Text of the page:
Illinois announces six-year program to invest $34.6 billion in transportation, infrastructure

Illinois is set to drive $34.6 billion into improving roads, bridges, airports, transit, rail and ports across Illinois over the next six years.

The Illinois Department of Transportation released details of the multi-year investment program on Friday.

Gov. J.B Pritzker said the program would direct $20 billion of that toward transportation, including 2,500 miles of roads and almost 10 million square feet of bridge deck.

Another $10 billion will go toward the state’s rail and transit systems, airports and ports.

Much of IDOT’s funding for this program is coming from the state’s $45 billion Rebuild Illinois Capital Plan but almost $16 billion more is expected to come in from the federal government.

“Since I signed our historic, bipartisan infrastructure program into law, Rebuild Illinois has undertaken a massive transformation of our state’s transportation systems,” Pritzker said, calling the multi-year program “an investment in our future — one that leads to economic prosperity and environmental sustainability.”

Among the details:

• $6.36 billion for highway reconstruction and preservation.

• $6.4 billion for bridge improvements.

• $2.48 billion for system support, such as engineering and land acquisition.

• $1.55 billion for safety and system modernization.

“In Chicago, we’re reconstructing Bessie Coleman Drive to I-90, which will improve safety and access to O’Hare International Airport,” Pritzker said.

As the state enters its fourth year of Rebuild Illinois, IDOT has made about $8.6 billion in improvements statewide on 4,422 miles of highway, 412 bridges and 621 additional safety improvements.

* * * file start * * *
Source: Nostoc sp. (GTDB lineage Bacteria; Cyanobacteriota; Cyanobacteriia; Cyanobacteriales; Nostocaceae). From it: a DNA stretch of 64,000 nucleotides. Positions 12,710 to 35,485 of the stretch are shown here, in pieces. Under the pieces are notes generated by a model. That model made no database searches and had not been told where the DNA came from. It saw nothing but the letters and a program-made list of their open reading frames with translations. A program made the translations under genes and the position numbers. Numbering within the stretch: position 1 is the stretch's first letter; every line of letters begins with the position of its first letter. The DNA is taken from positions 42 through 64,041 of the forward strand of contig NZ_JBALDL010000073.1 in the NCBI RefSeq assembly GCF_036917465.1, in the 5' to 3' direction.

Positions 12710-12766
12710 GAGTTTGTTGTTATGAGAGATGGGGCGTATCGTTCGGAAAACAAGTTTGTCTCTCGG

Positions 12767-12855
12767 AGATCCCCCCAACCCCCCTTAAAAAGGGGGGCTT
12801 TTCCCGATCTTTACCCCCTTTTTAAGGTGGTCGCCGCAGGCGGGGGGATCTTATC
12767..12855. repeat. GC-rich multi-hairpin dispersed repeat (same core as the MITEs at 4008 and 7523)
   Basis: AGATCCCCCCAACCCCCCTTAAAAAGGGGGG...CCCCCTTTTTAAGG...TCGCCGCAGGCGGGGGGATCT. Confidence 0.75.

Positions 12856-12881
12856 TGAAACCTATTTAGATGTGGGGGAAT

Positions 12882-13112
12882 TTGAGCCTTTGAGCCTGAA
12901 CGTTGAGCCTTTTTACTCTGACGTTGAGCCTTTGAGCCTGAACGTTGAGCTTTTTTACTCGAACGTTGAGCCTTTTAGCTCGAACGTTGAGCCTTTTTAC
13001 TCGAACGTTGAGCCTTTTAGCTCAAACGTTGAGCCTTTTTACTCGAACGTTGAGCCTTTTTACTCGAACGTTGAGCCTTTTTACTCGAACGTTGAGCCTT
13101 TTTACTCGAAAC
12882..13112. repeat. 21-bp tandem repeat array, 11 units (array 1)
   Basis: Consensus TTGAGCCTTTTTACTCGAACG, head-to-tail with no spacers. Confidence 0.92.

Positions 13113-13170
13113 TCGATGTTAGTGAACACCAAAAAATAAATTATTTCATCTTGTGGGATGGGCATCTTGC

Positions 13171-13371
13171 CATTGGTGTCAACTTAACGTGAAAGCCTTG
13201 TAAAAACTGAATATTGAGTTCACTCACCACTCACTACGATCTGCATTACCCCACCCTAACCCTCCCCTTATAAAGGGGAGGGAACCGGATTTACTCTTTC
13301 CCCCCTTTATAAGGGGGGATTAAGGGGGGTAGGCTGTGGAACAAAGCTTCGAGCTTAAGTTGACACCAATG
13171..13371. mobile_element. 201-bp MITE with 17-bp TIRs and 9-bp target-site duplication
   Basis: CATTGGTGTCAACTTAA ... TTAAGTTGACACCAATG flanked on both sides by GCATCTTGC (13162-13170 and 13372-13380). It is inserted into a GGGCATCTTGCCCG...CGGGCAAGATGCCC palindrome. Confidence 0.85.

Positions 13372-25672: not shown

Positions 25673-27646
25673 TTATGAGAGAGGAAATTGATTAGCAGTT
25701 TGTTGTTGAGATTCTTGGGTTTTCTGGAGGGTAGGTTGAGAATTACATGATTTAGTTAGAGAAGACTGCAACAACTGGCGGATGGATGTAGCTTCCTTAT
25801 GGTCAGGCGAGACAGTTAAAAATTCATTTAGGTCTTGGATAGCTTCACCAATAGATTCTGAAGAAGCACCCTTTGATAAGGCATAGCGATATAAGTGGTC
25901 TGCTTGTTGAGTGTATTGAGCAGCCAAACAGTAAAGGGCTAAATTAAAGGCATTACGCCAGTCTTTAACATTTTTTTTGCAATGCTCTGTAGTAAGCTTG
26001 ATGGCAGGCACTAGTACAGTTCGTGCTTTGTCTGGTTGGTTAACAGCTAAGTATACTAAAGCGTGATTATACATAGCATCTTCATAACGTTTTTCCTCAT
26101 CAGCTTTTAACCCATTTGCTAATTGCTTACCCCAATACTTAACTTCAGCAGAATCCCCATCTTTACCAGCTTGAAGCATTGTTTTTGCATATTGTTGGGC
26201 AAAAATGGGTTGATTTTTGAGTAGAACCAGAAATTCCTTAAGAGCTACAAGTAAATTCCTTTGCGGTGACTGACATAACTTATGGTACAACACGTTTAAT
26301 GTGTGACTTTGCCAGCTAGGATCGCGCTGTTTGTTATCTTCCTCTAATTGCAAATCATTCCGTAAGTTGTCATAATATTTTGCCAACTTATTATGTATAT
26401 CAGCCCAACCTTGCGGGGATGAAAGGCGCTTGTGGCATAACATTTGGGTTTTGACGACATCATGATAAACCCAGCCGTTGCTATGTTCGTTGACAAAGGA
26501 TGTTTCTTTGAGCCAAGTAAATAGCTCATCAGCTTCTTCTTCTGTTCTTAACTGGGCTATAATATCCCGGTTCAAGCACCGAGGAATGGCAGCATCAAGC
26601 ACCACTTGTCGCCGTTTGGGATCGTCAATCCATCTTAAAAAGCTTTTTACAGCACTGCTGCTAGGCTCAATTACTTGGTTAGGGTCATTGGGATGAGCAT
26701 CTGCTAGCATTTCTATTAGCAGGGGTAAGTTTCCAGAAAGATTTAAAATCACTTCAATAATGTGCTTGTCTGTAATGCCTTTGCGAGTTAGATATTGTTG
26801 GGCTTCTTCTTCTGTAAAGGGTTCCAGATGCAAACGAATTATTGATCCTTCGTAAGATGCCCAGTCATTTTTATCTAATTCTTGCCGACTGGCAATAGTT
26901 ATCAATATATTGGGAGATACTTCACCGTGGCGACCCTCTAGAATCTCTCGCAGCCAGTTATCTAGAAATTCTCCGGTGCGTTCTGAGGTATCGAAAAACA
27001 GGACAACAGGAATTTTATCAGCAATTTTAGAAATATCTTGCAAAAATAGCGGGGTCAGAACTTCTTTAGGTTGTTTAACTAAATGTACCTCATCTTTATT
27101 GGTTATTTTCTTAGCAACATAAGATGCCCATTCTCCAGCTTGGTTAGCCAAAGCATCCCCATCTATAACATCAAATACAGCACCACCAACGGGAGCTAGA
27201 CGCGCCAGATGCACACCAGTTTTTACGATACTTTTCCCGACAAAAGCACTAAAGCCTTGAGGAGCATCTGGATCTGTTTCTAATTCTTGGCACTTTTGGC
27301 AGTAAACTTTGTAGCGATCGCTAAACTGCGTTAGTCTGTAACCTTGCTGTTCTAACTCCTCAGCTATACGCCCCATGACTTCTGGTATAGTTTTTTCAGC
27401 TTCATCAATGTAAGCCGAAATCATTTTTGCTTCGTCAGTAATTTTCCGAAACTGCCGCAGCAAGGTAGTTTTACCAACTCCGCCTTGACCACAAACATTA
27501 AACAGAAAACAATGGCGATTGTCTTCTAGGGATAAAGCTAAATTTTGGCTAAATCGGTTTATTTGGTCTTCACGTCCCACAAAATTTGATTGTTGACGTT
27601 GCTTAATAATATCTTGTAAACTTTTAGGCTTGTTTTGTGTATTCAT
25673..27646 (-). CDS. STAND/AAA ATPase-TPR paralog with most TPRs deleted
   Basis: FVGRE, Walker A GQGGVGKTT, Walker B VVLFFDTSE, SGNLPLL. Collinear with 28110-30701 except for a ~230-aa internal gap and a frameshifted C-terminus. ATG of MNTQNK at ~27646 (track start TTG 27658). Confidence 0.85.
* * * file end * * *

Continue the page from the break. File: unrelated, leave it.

“Look, for many, many years before I took office, the state underinvested in our infrastructure, and it was left to crumble.” Pritzker said. “It was costing drivers an average of over $500 a year in flat tires and wear and tear from potholes and misaligned pavement. And, it was costing us jobs.”

Pritzker also announced an additional program, separate from IDOT’s six-year plan, that will combine federal, state and local funds to go toward other modes of transportation. That includes $6.5 billion for transit, $2.5 billion for passenger and freight rail, $817 million for aviation and $150 million for ports.

“With this investment, Illinois is working toward its commitment to delivering equitable, data-driven solutions to our transportation and infrastructure needs,” said state Sen. Ram Villivalam (D-Chicago), chairman of the IIlinois Senate Transportation Committee. “Coupled with federal funding, we will improve our infrastructure to ensure safety, accessibility, and responsible economic and environmental impact.”

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